Python programming language documentation contains this sentence describing a function argument usage:

モックが特定の呼び出しで呼ばれたことをアサートします。呼び出しでは mock_calls のリストがチェックされます。

any_orderfalse の場合(デフォルト)、呼び出しは連続していなければなりません。指定された呼び出しの前、あるいは呼び出しの後に余分な呼び出しがある場合があります。

The last sentence sounds to me like having a meaning like this.

There are cases when there are extra calls before or after the specified calls.

The original English description is worded:

There can be extra calls before or after the specified calls.

Which can be understood as proposed above. Like, I specify some expected calls and there is a possibility of the mock_calls list containing some extra.

But the actual meaning of the “there can be” is different here. It means that the assertion succeeds even if there are extra calls. Like, you can use it even if there are more calls than those specified. And in this sense, the Japanese translation seems to me like it doesn’t fit.

Can “場合がある” convey this meaning of possibility of doing something under given circumstances? It it a mistranslation? I’d expect something more like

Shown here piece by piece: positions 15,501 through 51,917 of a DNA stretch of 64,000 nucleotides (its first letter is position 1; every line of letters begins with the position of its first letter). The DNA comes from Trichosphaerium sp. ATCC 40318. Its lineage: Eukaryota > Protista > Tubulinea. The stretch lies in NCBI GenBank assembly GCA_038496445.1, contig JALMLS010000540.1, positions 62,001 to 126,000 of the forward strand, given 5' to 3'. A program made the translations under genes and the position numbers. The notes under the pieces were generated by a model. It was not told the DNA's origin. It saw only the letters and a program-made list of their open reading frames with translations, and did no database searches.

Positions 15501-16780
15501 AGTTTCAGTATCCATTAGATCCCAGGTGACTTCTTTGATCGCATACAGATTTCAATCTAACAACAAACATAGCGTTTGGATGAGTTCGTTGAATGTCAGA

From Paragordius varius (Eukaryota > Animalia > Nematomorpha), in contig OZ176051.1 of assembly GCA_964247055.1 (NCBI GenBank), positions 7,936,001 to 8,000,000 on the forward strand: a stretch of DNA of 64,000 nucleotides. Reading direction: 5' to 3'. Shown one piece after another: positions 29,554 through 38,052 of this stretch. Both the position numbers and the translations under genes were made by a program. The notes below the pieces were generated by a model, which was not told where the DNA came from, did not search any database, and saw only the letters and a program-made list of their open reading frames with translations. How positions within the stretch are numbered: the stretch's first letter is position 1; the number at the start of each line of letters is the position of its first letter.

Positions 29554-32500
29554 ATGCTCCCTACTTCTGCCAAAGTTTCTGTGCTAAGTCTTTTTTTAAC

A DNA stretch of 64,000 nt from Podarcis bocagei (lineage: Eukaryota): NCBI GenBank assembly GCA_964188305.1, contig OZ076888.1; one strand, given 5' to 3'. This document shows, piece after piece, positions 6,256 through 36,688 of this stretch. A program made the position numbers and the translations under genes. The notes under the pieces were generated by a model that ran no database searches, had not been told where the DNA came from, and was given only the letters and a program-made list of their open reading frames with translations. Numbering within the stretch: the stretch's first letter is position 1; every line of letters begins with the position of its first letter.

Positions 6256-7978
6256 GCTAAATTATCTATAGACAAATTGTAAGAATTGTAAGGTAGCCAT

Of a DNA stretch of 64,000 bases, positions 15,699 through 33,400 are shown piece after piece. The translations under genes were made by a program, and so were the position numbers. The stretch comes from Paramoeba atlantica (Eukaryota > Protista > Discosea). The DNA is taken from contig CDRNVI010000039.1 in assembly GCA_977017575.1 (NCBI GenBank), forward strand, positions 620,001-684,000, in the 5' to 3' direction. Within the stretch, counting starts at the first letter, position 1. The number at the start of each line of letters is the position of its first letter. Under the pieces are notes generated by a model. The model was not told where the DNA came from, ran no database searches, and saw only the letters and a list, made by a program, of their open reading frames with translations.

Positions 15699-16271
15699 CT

• I think the original Japanese is a little clumsy (あっても構いません is the best) but not wrong, either. And I'm not sure what kind of misunderstanding you are worrying about. When you say extra calls, you refer to irrelevant items already in the mock_calls list rather than items of the calls argument, right? (i.e., assert_has_calls([calls(3), calls(9)]) must fail if the mock was called with 1, 2, 3 and 4)
    – naruto
    Nov 26, 2021 at 2:08
  • 1
    @naruto Yes, you are right in your interpretation. I can't say for Japanese, but in English it wouldn't be quite acceptable to have it written as "there are cases", because it sounds like a result or simple statement and lacks the important conclusion of permission/eligibility. I also think your version is the best, unless there is some kind of permission implied in Japanese when saying 場合がある?
    – Simon
    Nov 26, 2021 at 18:02

1 Answer 1


I think it's just a mistranslation. Out of context, that sentence can technically mean both. I've looked at Python's translations projects and they seem to be done by the community, so it could've been anyone. In fact, there is already an issue opened for the mock package on the Github project, so I wouldn't be surprised if there's more. You could open a new issue linking this question.

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